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PostPosted: Fri Mar 28, 2003 7:30 pm
 


http://www.nzherald.co.nz/storydisplay. ... id=3251554

24.03.2003
By GREG ANSLEY Australia correspondent
CANBERRA - An Australian FA/18 Hornet pilot has refused an American command to bomb a target in Iraq in the first conflict between the different rules governing the way the two allies make war.

Although Prime Minister John Howard said the incident during the coalition's drive towards Baghdad was not evidence of tension between the two commands, the prospect of a clash of rules was clear from the start.

Australia operates under a tougher set of rules of engagement than the US because Canberra has ratified more international agreements than Washington.

The refusal of the RAAF pilot to release his precision-guided bombs came as:

pf* Australian Navy boarding parties captured three Iraqi dhows loaded with 86 mines and a "wide array of military weapons" as their crews tried to slip through the coalition blockade to seed the top of the Gulf with sophisticated Manta acoustic and other floating mines.

pf* SAS soldiers, after a number of firefights over the weekend, called down an air strike on an Iraqi command and control base suspected of being involved in the launching of ballistic missiles.

pf* At home, tens of thousands of demonstrators rallied against the war, despite a poll showing opposition to Australian involvement had significantly weakened since the conflict started, with opinion now almost evenly divided.

The decision of the RAAF pilot not to attack an Iraqi target was taken when his Hornet, armed with a range of strike weapons, was ordered away from the round-the-clock escort missions the Australians have been flying since war started.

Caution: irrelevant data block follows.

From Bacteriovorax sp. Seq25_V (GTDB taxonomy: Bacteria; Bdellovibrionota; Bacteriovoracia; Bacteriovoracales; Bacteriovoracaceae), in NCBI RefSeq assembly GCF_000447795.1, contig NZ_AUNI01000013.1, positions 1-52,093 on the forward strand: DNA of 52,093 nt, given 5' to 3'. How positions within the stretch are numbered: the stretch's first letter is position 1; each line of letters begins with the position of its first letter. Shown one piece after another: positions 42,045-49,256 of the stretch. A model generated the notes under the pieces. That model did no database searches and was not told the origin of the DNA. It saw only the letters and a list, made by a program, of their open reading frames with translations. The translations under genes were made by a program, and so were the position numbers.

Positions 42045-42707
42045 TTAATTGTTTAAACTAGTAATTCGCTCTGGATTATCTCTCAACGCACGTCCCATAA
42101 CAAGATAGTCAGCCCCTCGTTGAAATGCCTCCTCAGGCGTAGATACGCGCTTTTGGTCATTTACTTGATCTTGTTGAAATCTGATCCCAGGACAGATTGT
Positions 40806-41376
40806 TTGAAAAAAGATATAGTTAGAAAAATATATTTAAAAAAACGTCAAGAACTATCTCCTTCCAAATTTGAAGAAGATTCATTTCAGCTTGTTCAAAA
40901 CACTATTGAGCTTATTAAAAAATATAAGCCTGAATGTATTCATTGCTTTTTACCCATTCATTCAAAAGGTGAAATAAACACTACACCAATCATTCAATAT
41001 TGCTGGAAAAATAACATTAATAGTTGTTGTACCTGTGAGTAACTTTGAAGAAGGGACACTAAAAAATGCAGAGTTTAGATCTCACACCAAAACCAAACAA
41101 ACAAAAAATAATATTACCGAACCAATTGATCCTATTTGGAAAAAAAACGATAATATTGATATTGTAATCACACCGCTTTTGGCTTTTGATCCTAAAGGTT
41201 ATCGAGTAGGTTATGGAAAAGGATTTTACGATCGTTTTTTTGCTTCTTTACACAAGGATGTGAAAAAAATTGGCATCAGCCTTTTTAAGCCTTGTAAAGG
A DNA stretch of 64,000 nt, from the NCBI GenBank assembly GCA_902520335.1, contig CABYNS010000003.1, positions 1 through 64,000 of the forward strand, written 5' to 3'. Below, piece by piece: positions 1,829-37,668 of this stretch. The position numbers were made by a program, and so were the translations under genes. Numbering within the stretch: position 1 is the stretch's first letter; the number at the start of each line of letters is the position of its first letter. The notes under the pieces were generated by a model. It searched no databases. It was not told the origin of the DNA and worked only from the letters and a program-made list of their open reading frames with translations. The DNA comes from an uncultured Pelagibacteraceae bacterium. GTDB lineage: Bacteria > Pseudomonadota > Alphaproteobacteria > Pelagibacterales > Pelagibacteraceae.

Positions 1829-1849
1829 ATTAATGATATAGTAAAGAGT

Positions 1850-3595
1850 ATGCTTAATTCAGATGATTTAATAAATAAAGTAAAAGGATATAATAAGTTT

"However, the crew chose not to complete the mission because they could not positively identify the target," Defence Force spokesman Brigadier Mike Hannan said.

"The crew's decision reflects the ADF's strong commitment to the laws of armed conflict and its support of the Government's targeting policy, right down to the lowest levels."

The rules under which Australians are fighting in Iraq are governed by Australian and international law, the 1949 Geneva Convention, and additional 1977 protocols that the US has not signed.

A range of weapons in the American arsenal - such as landmines and cluster bombs - are banned by Australia, and Canberra has emphasised that its forces will refuse to attack civilian targets, including key bridges, dams and other vital infrastructure of the kind bombed by the US in the 1991 Gulf War.

Australia has also emphasised that its troops remain strictly under national command, but Brigadier Hannan said the final choice of whether or not to attack was a decision made by "ordinary young Australians, often in a split second, that they will have to live with for the rest of their lives".

"The rules are all well and good, and they are important and necessary, but they are not of themselves sufficient to ensure that the laws of armed conflict are upheld and targeting policy is implemented."

He said such decisions were made by young pilots flying at very high speed, often at night.

"In this case the pilot ... decided that the information didn't support the justification for the use of the weapon and aborted the mission."


Good for him too. ! ! !


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PostPosted: Sat Mar 29, 2003 7:06 am
 


I'll bet the Americans were a little upset when that happened and a little more upset when it hit the news. :D


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PostPosted: Sat Mar 29, 2003 8:39 am
 


He was prolly following HIS superiors rules of engagment...Meaning an Aussie ossifer LMAO


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